Strategically, our rear is inexcusably threatened. We cannot redeploy our forces immediately. Switching to a hand-off and containment mode while withdrawing will secure our position and leave us in a position to still act in some fashion if we decide we need to. In the meantime, we can start to rest, resupply, and refresh our depleted forces.

OK, but we are “fighting them there so we don’t fight them here?” I really cannot accept this idea as plausible. We have not had a recent terror attack because terror attacks are historically rare. The current span of time is in no way unusual and is not necessarily a sign of any particular success. Evidence suggests that our presence in the Middle East is driving extremism right now and, of course, not all extremists are Muslim. Heard of Timothy McVeigh? Of budding anti-American sentiment in South America? In the meantime, we have a wide open border which anyone could march an army of terrorists across in the dead of night. Our armed forces should be protecting us here, not there. Reagan’s Secretary of Defense, Caspar Weinberger warned of the possibility of skirmishes with Mexican militaristic elements at a time when we become militarily and economically tied down in the Middle East. Normally something like that would be a laughable threat. Right now, an army of Mongol horsemen could invade from the south and wreak havok.

The whole idea that we must “beat them” at any cost is a bit paranoid and irrational. Who is the “them” we should be wiping out indiscriminantly? It is a sectarian conflict. Should we wipe out the Shiites, the Sunnis, the Bathists, the Kurds, the people who want Americans to go home, the small number of Episcopalian Christians? What about their women and children? Just go door to door shooting? Al Qaeda is only a small part of the picture and, unfortunately, an Al Qaeda supporter, a Shiite, a Kurd, and a Sunni, and so forth, all look the same. A child with a coffee can and a child with a bomb look the same too, as one of my relatives discovered in a jeep in Southeast Asia.

Tough Choices; Economics and Power Projection

Even if moral arguments in support of the war hold in some fashion, there is still the question of “can we maintain it?” This is not so much a victory/defeat question as a strategic and economic one. Remaining in Iraq means not being elsewhere. Spending on Iraq means not spending elsewhere. Our military preparedness globally and at home is suffering terribly. China’s military spending is increasing rapidly even though it is remaining the same as a percentage of their economy. Our military spending is an increasing percentage of an increasingly troubled economy.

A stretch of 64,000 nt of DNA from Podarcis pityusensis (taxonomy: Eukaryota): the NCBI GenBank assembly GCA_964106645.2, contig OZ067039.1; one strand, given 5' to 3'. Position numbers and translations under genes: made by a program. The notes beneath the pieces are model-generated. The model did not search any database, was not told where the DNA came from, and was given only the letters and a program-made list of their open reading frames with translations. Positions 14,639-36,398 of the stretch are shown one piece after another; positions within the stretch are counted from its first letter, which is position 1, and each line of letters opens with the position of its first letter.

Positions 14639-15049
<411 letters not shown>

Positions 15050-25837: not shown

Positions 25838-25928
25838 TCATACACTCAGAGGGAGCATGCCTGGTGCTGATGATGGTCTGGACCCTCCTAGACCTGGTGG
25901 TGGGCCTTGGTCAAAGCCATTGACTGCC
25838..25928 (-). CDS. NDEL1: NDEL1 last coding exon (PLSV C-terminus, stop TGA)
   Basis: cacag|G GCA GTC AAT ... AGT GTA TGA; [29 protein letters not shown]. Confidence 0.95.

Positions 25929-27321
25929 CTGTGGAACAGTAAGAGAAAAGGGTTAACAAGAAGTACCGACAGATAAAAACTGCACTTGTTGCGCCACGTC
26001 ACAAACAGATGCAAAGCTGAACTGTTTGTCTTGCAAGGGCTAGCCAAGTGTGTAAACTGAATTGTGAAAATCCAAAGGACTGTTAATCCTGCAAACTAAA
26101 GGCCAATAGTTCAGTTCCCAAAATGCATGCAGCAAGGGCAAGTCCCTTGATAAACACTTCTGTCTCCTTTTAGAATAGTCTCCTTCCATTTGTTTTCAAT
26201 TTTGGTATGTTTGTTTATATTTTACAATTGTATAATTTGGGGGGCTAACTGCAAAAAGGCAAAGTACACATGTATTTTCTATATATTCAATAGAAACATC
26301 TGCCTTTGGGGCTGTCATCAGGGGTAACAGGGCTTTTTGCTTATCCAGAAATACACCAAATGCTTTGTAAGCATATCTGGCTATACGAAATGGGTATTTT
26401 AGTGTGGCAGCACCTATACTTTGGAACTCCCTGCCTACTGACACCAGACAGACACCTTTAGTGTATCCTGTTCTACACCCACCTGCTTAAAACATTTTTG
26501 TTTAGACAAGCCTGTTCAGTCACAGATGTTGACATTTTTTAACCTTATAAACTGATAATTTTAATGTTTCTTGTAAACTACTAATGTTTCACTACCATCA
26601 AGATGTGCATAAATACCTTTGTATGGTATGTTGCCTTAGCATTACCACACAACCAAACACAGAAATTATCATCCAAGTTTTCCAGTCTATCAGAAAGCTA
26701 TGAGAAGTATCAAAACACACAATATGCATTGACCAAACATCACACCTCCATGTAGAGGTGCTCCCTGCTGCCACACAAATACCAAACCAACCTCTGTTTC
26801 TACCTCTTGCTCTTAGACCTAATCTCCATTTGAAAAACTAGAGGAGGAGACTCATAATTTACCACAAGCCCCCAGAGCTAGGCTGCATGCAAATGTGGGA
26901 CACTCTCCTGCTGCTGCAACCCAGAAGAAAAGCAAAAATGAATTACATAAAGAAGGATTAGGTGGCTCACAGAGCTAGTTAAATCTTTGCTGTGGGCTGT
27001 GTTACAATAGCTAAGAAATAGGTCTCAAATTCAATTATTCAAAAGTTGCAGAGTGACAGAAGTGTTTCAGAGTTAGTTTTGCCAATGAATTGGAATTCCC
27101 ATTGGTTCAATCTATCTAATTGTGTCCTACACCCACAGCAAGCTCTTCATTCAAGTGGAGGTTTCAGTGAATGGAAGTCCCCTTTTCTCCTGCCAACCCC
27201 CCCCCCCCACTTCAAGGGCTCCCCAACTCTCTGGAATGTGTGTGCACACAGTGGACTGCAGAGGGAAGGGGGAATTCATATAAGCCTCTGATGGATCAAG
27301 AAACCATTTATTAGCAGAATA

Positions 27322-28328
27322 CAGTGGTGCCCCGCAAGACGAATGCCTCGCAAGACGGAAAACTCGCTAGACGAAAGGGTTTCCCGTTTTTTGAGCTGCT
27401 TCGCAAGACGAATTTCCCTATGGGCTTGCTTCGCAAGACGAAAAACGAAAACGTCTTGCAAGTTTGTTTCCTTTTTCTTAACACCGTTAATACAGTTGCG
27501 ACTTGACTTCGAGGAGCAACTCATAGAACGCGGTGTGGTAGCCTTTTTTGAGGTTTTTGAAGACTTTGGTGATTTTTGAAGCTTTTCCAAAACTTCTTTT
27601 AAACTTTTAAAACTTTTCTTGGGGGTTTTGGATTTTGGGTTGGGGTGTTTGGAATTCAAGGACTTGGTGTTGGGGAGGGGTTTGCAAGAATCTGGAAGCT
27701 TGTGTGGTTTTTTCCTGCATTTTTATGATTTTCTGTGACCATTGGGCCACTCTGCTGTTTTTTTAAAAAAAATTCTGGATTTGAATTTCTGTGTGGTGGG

In World War II we were a military powerhouse in large part because we were an industrial powerhouse. We mined most of our copper, lead, iron, drilled most of our oil, made our own tanks and guns. We even made simple things like ball bearings, surprisingly critical to any army, especially a modern one, but no longer manufactured at home. Instead, we buy these things abroad, including more and more electronics, with a weakening dollar.

Our country’s infrastructure is in desperate straits. We are falling behind in education and skilled labor. Many, perhaps most skilled labor jobs are now going or have already gone overseas. We have a veritable flood of illegal immigrants across a wide open border. We have no National Guard to deal with emergencies at home. We have a deficit increasing by $1 trillion a year and it grows faster every year. We are facing the distinct possibility that OPEC may shift away from using the dollar for oil transactions, which would plunge our currency into freefall. At the same time, plans are going forward for more emergency appropriations for Iraq and Afghanistan, for another 120,000 soldiers over the next couple of years, at higher pay and recruitment bonuses, more border security since our military is not here to do the job, and increases in FEMA to take over some of the National Guard’s traditional duties. Something must give, and it will, at some point, be the war in Iraq. It is much better to do it intentionally and under some control than for it to suddenly collapse.

Honesty: Dedication and Sacrifice

I would have much more respect for the supporters’ position if they felt and said the war was so necessary that we needed to buckle down as a country and sacrifice to maintain it, reinstitute the draft, raise taxes, collect soda bottles to make body armor, and cut entitlement programs to the bone. War is easy when only a small number must sacrifice. Personally, the fact that my military work would not have resulted in my death but that someone else’s family would get a letter and a visit from someone in a full dress uniform ate at me. I cannot see how anyone else can stand to do it. I would rather get shot at.

Our military has paid the cost not just in dead, but in tens of thousands of wounded, due to the combined wonders of body armor and advanced trauma care, many horribly maimed or suffering from head trauma, and a frightenly high suicide rate, four times that of the general population and more than twice that of veterans from previous wars. Are we really willing ask them to continue bearing that cost? Are we willing to sacrifice in kind?